For a taste of Bart’s work from last year check out ‘E-waste’ finds its way into the Dictionary. Farewell, Bart. We miss you.

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In Pursuit of Sustainable Electronics at Arrow Value Recovery

Delighted to be blogging again – check out my two new posts:


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Today is America Recycles Day – Dare You ASK?

Today, Thursday, November 15th, is America Recycles Day. Some 40 years ago, when I first started recycling, we had no plastics to recycle. We sorted our glass by color and took it to the local recycling center and the Boy Scouts held paper drives to collect all the newspaper. Now, decades later, I’ve learned that even dryer lint is being recycled.

I’m stymied by the folks who, despite the proximity of a recycling bin (perhaps 30 inches from their desk) cannot be bothered to distinguish their recyclables from their trash, insist on their inalienable right to dump stuff, and are, on paper, smart enough to know better. Perhaps it’s a lack of education in the costs of land filling and incineration.  Did you know, for example, that we create so much garbage here in the U.S. that we ship it abroad for burial? Perhaps it’s an externalization of cynicism. I’m sure you witness it. Now comes the tough part. Dare you ask your co-worker or housemate why? I recently encountered an objection to recycling at the supermarket. A man returning his bottles for their deposit value declared that he doesn’t believe in recycling. “They’re making money out of it.” This mysterious “they” interests me. Apparently folks don’t understand that “we” are paying for landfill and incineration. Perhaps exactly what happens to our trash should be taught in schools.

The other “Dare You Ask?” challenge I’m posing is around your electronics at work. Do you know exactly where they’re going? Do you know for a fact that your computers, printers, telephone gear and copiers are not being shipped abroad or headed for landfill or incineration? Will you take the challenge? Could you please find out where your organization’s gear is going, and if, for certain, your organization is using a certified recycler? If your organization is not using a certified recycle, chances are, your electronics not being handled properly – putting your organization and the environment at risk. If you need help on finding out how to find out, drop me a line. I’m very interested and eager to help spread the word.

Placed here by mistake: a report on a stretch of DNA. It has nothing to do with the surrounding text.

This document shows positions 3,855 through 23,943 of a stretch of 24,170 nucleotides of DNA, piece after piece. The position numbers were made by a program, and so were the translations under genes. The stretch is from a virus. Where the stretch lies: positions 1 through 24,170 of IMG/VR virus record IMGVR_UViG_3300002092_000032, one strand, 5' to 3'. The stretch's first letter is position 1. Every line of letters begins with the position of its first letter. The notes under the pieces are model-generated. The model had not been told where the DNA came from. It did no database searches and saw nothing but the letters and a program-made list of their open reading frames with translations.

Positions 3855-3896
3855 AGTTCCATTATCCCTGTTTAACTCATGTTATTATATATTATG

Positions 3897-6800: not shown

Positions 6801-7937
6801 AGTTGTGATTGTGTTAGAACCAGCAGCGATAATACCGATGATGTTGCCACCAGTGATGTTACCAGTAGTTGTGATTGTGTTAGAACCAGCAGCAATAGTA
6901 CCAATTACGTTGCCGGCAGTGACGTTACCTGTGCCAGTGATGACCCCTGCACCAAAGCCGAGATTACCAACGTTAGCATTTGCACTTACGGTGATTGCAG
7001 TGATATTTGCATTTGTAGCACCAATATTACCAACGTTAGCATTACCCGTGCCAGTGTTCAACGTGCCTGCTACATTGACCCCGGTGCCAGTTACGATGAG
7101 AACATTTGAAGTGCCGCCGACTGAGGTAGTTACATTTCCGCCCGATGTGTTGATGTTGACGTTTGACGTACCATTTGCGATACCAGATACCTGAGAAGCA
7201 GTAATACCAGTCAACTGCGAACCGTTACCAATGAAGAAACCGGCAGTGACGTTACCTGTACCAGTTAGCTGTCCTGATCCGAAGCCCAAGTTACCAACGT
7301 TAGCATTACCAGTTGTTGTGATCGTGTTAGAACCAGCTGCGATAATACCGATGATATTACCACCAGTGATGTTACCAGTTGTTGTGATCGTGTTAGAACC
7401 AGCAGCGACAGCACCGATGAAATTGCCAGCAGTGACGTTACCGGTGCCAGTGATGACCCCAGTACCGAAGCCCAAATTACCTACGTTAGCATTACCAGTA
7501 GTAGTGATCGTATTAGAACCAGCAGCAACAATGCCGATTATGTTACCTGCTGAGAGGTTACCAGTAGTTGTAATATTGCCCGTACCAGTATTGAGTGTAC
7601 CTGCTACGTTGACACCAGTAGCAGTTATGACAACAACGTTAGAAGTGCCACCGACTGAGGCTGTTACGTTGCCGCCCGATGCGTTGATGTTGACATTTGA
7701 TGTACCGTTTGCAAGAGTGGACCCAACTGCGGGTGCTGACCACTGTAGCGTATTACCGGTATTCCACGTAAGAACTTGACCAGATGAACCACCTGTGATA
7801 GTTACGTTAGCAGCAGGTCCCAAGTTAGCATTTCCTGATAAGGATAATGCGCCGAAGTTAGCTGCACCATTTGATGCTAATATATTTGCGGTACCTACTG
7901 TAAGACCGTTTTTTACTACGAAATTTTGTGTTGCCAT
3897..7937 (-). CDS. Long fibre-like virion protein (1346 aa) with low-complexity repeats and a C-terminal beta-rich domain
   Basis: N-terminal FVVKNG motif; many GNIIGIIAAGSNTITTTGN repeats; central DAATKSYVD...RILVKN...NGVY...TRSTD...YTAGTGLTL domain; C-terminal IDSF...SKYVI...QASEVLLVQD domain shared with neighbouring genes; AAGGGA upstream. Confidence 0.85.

So in honor of America Recycles Day, be brave. Dare to ask – and let me know what you find out. By this time next year, let’s hope we’re up for bigger challenges.

Please note: The opinions expressed here are solely mine.

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Is “Sustainability” a Proxy for Efficiency



Hot discourse ensued at the Boston Area Sustainability Group as a result of Walden Asset Management’s Timothy Smith’s talk of a new breed of investors with $70 trillion assets under management.

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There’s more to e-waste than export, Virginia

Our utter reliance on electronics does not translate to our taking responsibility for them. Here’re some basics you need to know:


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Make “Doing Good” Your Day Job

Corporate Social Responsibility and Sustainability have gone mainstream, and organizations that align themselves with these values are growing their brands. Mix it up and learn from folks who are helping to change the world through their organizations. Meet me at the Commit!Forum – here’s more: .

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Make a Difference – FCC announces Nationwide Program

Sustainability is about a triple play – My newest blog explains